Share This!Although I know that Dooney & Bourke, Vera Bradley, and more have their following among Disney fans, my personal favorite bags are made by Loungefly. While at Disneyland, I spotted this beauty at World of Disney. It’s Groot!“Wood” this be on your wish list? Let us know in the comments.
Top Reasons to Go With Managed WordPress Hosting frederic lardinois Tags:#news#web 8 Best WordPress Hosting Solutions on the Market This morning, Hulu and Disneyannounced that Disney will join NBC Universal, News Corp., and Providence Equity Partners as a joint venture partner and equity holder of Hulu. Thanks to this, Hulu will now be able to feature shows from ABC’s prime-time lineup like “Lost,” “Grey’s Anatomy,” and “Private Practice,” as well as shows from ABC Daytime and SOAPnet. Hulu will also now feature a select number of programs from the Disney Channel and library titles from Disney. We heard a number of rumors about this deal in the last few days, so this announcement doesn’t come as a great surprise. Neither Hulu nor Disney disclosed the financial terms of the arrangement, but according to most reports, Disney will take a 30% stake in the joint venture. Disney will also get three seats on the Hulu board.Hulu = Online TV? Hulu was already on the brink of becoming the de facto standard for watching TV shows online, and adding Disney to its line-up only consolidates this position. Advertisers have been flocking to Hulu, and while it is getting some serious competition from TV.com, which is owned by CBS (which doesn’t have a deal with Hulu), this new deal should give it a nice boost in the next few months.It should be noted that ABC’s own online player features 720p HD versions of all its major prime-time shows, something that Hulu currently doesn’t offer, so to get the best quality, users will still have to go to ABC.com. CC-licensed image used courtesy of Flickr user Raymond Brown. Related Posts A Web Developer’s New Best Friend is the AI Wai… Why Tech Companies Need Simpler Terms of Servic…
Related Posts What it Takes to Build a Highly Secure FinTech … Tags:#app refunds#App Store#Apple Role of Mobile App Analytics In-App Engagement Apple is striking back at users who’ve figured out how to abuse its new refund policy for digital purchases in Europe—by blacklisting them from future reimbursements.To conform with the EU’s consumer protection laws, Apple rolled out a new policy last month that lets European users who purchase apps, songs, ebooks or other digital media claim refunds within 14 days of purchase. But some customers have discovered they can demand their money back on repeated purchases—apparently even if they keep the downloads. See also: How Apple’s New App-Refund Policy Could Hurt DevelopersIt may be tough to police everyone, but Apple’s ready to put the kibosh on at least the worst offenders who try to game the system. In other words, ask for too many refunds in a short time period, and the company will flag the behavior and revoke your refund privileges, iDownloadBlog reports. Apple has already sent messages to users through the App Store, alerting flagged users with the following prompt: “I acknowledge that if I download this app within fourteen days of tapping ‘Buy,’ I will no longer be eligible to cancel this purchase.” The user then has the choice of canceling the download or acknowledging the message to proceed while waiving the right to any refund. https://twitter.com/rosyna/status/554752303794647040/photo/1Clearly the company doesn’t want users treating the refund policy like a trial period for paid apps or to let unscrupulous types get away with shady practices. Its latest move seems designed to nip that in the bud. While the refund policy and its woes remain limited to Europe for now, the company could be eyeing it as a test of sorts for more universal changes down the road. In that way, how Apple handles refunds abroad could influence the way it approaches its App Store policies at home, which can directly affect the developers who stock its digital shelves everywhere. Photo by Ben Husmann; screenshot courtesy of Twitter user Rosyna adriana lee Why IoT Apps are Eating Device Interfaces The Rise and Rise of Mobile Payment Technology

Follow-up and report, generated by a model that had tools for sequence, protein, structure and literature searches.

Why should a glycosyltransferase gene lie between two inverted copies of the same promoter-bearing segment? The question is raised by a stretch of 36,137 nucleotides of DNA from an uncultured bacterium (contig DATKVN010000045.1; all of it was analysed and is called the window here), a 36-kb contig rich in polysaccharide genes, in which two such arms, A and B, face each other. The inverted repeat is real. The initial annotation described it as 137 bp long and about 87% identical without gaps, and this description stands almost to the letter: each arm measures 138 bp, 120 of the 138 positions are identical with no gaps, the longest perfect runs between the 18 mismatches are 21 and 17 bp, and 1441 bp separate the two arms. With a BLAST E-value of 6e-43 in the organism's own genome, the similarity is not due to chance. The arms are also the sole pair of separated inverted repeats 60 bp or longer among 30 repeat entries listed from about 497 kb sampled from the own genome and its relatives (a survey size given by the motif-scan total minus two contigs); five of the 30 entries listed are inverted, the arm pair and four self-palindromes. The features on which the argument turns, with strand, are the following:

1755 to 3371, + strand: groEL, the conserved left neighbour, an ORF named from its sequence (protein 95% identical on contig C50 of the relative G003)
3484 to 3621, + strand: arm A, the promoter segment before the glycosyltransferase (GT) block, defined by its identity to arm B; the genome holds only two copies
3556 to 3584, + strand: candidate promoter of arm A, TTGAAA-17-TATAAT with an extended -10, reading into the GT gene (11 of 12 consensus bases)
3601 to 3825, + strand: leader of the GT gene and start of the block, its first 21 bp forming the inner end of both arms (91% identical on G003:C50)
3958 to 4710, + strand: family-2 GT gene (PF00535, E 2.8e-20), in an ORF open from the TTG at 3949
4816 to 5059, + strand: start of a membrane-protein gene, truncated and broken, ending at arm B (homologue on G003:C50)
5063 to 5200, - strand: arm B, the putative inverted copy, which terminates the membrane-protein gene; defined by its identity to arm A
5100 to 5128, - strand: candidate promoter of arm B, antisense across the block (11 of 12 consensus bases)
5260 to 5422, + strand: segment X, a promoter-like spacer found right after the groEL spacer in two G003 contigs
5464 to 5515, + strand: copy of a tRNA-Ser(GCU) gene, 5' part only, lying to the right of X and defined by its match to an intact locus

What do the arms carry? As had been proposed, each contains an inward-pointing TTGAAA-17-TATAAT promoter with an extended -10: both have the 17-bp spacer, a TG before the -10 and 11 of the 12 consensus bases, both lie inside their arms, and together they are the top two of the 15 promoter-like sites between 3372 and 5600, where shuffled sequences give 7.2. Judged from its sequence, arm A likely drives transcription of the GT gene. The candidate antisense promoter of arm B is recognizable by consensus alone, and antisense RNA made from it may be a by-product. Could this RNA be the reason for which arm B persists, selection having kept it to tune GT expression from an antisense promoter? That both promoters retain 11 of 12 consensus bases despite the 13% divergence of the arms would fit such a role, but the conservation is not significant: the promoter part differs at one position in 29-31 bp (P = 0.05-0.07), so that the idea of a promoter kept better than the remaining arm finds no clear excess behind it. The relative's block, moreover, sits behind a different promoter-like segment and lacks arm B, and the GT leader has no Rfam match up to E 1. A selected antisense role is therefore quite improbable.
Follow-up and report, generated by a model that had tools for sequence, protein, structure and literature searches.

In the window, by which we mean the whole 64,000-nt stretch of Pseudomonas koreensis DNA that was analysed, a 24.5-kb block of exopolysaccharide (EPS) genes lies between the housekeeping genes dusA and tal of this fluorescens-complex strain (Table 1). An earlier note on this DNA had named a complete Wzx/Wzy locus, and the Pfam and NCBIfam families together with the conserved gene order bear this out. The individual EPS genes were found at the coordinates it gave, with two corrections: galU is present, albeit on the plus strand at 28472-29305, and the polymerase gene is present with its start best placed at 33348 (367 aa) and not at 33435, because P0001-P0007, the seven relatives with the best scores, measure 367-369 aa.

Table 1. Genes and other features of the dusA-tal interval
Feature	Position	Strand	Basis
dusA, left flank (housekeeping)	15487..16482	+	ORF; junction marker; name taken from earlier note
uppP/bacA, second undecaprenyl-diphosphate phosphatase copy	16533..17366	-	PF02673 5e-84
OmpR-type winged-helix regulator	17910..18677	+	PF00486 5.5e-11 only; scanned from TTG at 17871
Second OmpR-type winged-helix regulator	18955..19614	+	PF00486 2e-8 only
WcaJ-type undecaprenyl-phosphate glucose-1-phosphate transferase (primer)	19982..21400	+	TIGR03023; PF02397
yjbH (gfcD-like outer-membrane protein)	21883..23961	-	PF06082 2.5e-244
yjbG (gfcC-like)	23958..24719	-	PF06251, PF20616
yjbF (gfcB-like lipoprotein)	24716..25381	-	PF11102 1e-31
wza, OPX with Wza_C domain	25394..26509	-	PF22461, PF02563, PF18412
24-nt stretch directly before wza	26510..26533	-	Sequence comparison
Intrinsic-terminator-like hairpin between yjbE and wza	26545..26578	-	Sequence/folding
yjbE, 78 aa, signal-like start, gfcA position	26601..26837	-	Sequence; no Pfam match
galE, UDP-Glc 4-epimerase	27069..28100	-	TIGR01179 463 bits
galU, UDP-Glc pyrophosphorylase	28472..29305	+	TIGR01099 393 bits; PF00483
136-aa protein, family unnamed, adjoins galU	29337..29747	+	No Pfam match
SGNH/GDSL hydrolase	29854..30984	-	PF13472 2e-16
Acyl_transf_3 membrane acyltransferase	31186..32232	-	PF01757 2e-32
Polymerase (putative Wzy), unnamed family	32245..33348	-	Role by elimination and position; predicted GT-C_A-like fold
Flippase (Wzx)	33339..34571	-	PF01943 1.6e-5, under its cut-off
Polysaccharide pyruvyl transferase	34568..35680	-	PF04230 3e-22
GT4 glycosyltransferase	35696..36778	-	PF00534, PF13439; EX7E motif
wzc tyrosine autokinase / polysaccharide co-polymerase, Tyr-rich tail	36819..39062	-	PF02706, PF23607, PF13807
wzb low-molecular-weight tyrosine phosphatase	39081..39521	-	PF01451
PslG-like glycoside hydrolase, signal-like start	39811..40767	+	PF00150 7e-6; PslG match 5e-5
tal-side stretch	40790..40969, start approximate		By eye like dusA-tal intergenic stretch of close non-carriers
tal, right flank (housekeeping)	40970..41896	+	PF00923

(AP) Missouri Gov. Mike Parson’s spokesman says his office will continue to shield certain contact information from public-record requests.Spokesman Steele Shippy on Tuesday defended the practice following complaints from Democratic Auditor Nicole Galloway.At issue is the Republican governor’s response to public record requests made by The Kansas City Star and others. Parson’s office has cited the First Amendment in redacting phone numbers, addresses and emails of private citizens who contacted the governor.The newspaper reports that Galloway requested that the state attorney general weigh in on whether Parson broke the law by making those redactions.Parson’s office has argued that it’s an issue of free speech and that constituents wouldn’t contact elected officials if they believed that information might become public.Shippy called Galloway’s criticism a “lame partisan political attempt.”